Labour demands details of border force failure
Home Office asked to reveal how many suspected criminals slipped through the net
Andrew Grice has been Political Editor of The Independent since 1998. He was previously Political Editor of The Sunday Times, where he worked for 10 years, and he has been a Westminster-based journalist since 1982. His column, Inside Politics, appears in The Independent each Saturday.
Monday 07 November 2011
Theresa May will today be asked to reveal how many suspected terrorists and criminals were allowed to enter Britain during the recent fiasco at the UK Border Agency (UKBA).
In an emergency House of Commons statement, the Home Secretary will insist that the security lapse this summer had nothing to do with the spending cuts that will lead to 5,300 jobs being lost at the UKBA.
Mrs May, facing potentially the biggest headache in her 18 months at the Home Office, will insist that the usual controls at Heathrow Airport and Calais were dropped by senior officials without ministers being told or giving approval. But Labour and the trade unions believe the cuts played a part.
The immigration service is braced for yet another scandal this week. A senior official is due to appear in court over claims that he took bribes to allow Nigerians to enter Britain illegally.
Three other officials were suspended, including Brodie Clark, the £130,000-a-year director of the border force, after Mrs May was told that strict security checks were scrapped in July for people from outside the EU. This meant they did not face fingerprint or biometric checks – to see whether their passport photograph was the same as the one electronically stored by the Home Office – and staff did not check if the individuals were on a "watch list" of terrorists and criminals.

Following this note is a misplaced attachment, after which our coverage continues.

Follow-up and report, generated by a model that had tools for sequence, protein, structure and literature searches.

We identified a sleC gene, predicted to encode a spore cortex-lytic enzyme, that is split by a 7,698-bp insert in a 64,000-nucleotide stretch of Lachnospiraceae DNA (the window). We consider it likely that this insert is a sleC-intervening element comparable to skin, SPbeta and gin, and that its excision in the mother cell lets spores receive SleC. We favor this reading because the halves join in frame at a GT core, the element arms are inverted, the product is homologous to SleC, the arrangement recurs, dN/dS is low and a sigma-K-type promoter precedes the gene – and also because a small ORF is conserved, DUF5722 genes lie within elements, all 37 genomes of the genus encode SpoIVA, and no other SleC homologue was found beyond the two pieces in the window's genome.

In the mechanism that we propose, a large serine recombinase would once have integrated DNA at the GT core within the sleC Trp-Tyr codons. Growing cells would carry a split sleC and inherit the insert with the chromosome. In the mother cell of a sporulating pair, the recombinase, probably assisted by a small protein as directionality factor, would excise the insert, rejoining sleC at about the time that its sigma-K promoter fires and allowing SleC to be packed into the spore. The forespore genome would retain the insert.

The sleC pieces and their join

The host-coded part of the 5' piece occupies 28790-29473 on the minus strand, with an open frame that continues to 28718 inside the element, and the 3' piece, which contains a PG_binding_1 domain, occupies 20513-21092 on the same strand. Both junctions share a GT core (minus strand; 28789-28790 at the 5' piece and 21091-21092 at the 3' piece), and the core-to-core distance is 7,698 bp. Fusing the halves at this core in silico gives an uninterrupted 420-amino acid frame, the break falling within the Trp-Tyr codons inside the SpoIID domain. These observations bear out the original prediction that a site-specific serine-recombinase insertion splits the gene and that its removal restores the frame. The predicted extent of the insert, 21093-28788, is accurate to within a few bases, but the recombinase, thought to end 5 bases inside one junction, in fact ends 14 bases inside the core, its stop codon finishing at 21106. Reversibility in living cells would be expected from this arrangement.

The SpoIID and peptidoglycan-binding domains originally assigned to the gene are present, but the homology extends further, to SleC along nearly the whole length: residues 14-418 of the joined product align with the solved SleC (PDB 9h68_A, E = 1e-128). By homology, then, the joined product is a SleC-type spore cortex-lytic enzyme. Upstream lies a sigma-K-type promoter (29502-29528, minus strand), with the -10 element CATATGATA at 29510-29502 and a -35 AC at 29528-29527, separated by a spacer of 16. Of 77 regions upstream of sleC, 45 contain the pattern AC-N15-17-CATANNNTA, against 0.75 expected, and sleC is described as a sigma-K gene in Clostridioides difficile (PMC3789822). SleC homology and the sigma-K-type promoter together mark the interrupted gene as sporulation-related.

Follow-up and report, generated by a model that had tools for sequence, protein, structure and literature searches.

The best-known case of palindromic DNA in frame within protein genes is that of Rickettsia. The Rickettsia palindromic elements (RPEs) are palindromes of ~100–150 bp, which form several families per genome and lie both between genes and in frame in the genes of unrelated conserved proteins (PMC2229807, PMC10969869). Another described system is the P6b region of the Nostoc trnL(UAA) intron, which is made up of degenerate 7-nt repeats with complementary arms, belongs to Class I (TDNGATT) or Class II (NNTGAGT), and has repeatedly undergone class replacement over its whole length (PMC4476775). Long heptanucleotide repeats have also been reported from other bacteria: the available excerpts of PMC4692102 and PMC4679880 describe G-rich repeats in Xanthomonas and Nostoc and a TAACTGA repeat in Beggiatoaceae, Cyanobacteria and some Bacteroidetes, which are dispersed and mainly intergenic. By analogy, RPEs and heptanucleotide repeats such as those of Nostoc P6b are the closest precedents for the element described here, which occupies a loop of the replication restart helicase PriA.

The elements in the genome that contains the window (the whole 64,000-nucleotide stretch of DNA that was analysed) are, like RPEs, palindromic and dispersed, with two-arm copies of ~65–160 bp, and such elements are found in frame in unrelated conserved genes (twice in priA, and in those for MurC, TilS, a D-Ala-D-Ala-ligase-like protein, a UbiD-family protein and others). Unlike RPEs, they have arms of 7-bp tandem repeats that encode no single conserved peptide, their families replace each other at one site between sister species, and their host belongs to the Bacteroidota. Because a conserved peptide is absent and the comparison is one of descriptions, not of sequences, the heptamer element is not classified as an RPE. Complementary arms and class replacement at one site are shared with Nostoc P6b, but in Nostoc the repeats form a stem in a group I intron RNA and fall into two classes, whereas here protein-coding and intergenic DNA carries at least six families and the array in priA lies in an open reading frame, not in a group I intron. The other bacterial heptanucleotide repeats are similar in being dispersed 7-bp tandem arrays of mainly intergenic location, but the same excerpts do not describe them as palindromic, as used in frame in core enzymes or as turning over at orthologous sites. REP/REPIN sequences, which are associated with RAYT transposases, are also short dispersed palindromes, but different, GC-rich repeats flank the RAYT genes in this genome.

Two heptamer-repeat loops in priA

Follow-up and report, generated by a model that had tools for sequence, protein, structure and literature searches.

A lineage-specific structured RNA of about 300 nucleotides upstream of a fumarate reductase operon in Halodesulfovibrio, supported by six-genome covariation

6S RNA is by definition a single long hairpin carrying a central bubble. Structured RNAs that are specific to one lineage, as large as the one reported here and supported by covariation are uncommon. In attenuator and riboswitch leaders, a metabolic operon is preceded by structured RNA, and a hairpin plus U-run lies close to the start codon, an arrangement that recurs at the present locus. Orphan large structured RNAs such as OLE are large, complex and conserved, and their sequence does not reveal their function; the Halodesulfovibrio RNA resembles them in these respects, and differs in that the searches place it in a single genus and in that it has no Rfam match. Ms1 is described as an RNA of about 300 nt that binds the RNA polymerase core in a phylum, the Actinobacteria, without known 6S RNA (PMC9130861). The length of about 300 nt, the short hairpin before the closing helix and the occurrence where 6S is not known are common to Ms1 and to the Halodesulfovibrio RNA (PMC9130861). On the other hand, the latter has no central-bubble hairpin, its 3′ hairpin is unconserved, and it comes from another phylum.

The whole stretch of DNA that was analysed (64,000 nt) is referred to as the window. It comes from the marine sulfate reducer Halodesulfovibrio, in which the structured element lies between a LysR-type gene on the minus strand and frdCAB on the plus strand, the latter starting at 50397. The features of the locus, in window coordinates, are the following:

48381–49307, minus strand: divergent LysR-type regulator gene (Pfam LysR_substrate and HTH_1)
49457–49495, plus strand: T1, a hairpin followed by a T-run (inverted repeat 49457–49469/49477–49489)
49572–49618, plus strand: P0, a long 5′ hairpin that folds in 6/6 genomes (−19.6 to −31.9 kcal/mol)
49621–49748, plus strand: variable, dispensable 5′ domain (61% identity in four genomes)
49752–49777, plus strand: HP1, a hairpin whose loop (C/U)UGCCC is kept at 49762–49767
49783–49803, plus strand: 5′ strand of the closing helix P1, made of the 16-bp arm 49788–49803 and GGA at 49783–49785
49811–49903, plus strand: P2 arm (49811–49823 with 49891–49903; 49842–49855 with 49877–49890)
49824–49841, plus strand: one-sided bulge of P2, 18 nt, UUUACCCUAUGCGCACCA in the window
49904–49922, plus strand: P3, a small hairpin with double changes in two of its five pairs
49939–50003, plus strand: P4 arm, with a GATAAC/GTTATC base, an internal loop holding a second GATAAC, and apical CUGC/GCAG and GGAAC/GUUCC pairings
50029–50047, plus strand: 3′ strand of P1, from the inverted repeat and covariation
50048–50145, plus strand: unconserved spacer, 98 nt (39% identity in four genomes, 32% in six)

In a pilot scheme, the microchip passport checks were halted for people with UK and EU passports, but should have been retained for others.
Last night Labour demanded to know whether anyone on the watch list had been allowed into Britain – and whether they had now been arrested or removed.
In a letter to Mrs May, Yvette Cooper, the Shadow Home Secretary, said: "The first, and crucial step, must be to ascertain the implications of the lapses in security. In particular, we need to know whether anyone posing a threat to Britain's national security was allowed to enter the UK during the period when the decision of ministers to relax passport checks was taken further than the Home Office has said was ordered."
Ms Cooper said terrorist suspects had been seized in Calais in the past.
"We need to know if someone on a watch list entered the UK during this time, and for the police and security services to take the necessary steps to protect the public," she said.
The Shadow Home Secretary asked why it took four months for ministers to discover controls had been watered down – when some staff complained it had happened in August.
Ms May will brief MPs on the independent inquiry she has ordered into the affair by John Vine, chief inspector of the UKBA. Labour will call for him to consider the impact of the cuts.
This is the latest crisis to engulf the immigration service. Five years ago, John Reid, the then Home Secretary, dubbed it "not fit for purpose". Under Labour, its problems led Home Secretary, Charles Clarke, and Immigration Minister, Beverley Hughes, to resign.
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